Background: Frequently SARS-CoV-2 results in mild or moderate disease with potentially lower concentrations of antibodies compared to those that are hospitalised. Here, we validated an ELISA using SARS-CoV-2 trimeric spike glycoprotein, with targeted detection of IgG, IgA and IgM (IgGAM) using serum and dried blood spots (DBS) from adults with mild or moderate disease.
Methods: Targeting the SARS-CoV-2 trimeric spike, a combined anti-IgG, IgA and IgM serology ELISA assay was developed using 62 PCR-confirmed non-hospitalised, mild or moderate COVID-19 samples, ≥14 days post symptom onset and 624 COVID-19 negative samples. The assay was validated using 73 PCR-confirmed non-hospitalised, mild or moderate COVID-19 samples, ≥14 days post symptom onset and 359 COVID-19 negative serum samples with an additional 81 DBSs. The assay was further validated in 226 PCR-confirmed non-hospitalised, mild or moderate COVID-19 samples, ≥14 days post symptom onset and 426 COVID-19 negative clinical samples.
Results: A sensitivity and specificity of 98.6% (95% CI, 92.6–100.0), 98.3% (95% CI, 96.4–99.4), respectively, was observed following validation of the SARS-CoV-2 ELISA. No cross-reactivities with endemic coronaviruses or other human viruses were observed, and no change in results were recorded for interfering substances. The assay was stable at temperature extremes and components were stable for 15 days once opened. A matrix comparison showed DBS to correlate with serum results. Clinical validation of the assay reported a sensitivity of 94.7% (95% CI, 90.9–97.2%) and a specificity of 98.4% (95% CI, 96.6–99.3%).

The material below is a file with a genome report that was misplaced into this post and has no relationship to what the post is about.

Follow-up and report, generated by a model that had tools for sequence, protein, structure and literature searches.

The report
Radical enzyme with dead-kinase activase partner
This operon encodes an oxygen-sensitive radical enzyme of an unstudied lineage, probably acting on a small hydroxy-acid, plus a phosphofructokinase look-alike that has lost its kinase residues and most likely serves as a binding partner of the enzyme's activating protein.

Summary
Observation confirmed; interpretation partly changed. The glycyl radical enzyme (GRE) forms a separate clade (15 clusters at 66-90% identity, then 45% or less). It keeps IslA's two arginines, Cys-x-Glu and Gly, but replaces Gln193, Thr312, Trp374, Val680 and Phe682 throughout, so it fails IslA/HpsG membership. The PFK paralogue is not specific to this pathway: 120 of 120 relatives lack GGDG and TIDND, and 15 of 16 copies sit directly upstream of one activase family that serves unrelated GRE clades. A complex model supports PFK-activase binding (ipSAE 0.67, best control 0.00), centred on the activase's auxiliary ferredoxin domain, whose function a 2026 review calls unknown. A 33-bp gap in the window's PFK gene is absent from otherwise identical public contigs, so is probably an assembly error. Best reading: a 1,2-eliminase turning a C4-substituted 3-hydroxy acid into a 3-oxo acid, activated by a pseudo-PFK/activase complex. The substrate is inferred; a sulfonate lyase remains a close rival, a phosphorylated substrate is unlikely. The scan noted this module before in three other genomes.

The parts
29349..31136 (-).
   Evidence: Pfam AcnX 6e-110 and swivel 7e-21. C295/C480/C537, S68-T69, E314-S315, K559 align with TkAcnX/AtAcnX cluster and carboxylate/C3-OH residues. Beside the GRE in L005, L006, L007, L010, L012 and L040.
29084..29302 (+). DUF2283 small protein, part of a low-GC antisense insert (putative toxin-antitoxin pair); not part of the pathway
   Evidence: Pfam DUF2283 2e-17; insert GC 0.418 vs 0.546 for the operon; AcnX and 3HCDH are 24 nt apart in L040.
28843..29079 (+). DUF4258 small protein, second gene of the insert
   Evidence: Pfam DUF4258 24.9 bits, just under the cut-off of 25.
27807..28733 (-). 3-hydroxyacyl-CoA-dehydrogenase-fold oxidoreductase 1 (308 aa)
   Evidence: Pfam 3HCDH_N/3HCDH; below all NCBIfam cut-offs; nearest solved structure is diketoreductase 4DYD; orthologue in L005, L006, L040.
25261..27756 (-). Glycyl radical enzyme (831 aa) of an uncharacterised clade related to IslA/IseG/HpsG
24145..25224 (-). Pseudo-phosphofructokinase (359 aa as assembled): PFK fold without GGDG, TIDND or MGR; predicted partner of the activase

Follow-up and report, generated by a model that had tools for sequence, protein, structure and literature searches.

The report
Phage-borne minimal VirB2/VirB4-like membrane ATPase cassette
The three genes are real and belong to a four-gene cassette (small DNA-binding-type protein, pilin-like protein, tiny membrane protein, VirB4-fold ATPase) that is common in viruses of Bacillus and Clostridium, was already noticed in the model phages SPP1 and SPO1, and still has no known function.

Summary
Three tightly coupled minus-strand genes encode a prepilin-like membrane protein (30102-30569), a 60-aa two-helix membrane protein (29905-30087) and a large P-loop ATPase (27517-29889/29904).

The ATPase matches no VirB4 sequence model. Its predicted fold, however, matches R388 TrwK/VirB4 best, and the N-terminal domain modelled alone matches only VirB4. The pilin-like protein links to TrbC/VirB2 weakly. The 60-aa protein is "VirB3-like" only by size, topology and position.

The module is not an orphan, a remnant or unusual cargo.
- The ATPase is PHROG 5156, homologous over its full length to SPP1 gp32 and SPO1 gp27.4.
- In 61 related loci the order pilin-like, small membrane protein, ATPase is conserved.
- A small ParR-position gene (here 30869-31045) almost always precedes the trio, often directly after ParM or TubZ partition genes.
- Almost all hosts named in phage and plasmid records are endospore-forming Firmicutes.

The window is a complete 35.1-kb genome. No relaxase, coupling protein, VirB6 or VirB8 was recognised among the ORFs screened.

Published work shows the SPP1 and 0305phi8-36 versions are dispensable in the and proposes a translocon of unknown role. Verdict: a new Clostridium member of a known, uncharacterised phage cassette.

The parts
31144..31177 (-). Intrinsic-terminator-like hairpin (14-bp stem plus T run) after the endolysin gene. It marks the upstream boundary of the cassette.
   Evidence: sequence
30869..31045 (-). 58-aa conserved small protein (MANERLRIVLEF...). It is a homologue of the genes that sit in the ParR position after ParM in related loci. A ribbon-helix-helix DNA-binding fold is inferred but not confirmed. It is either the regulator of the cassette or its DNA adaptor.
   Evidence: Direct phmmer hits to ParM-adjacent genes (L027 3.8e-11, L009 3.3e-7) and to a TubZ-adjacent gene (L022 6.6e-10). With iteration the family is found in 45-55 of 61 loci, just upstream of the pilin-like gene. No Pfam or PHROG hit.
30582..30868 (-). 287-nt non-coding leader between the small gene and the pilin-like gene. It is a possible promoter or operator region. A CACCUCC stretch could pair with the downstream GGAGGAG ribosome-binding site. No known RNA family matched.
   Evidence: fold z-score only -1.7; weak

Conclusions: The human anti-IgGAM SARS-CoV-2 ELISA provides accurate and sensitive detection of SARS-CoV-2 antibodies in non-hospitalised adults with mild or moderate disease. The use of dried blood spots makes the assay accessible to the wider community.
|Number of pages||7|
|Journal||Journal of Immunological Methods|
|Early online date||26 Mar 2021|
|Publication status||Published - Jul 2021|
Bibliographical noteFunding Information:
We thank Lia van der Hoek for seasonal coronaviruses samples used in the cross reactivity study from the Amsterdam Cohort Studies (ACS) on HIV infection and AIDS. The ACS is a collaboration among the Public Health Service of Amsterdam, the Amsterdam University Medical Center of the University of Amsterdam, the Sanquin Blood Supply Foundation, the Medical Center Jan van Goyen and the HIV Focus Center of the DC-Clinics. It is part of the Netherlands HIV Monitoring Foundation and financially supported by the Center for Infectious Disease Control of the Netherlands National Institute for Public Health and the Environment. The authors thank all ACS participants for their contribution, as well as the ACS study nurses, data managers and lab technicians.
- Dried blood spot
- Low prevalence
- Mild disease
- Trimeric spike protein
ASJC Scopus subject areas
- Immunology and Allergy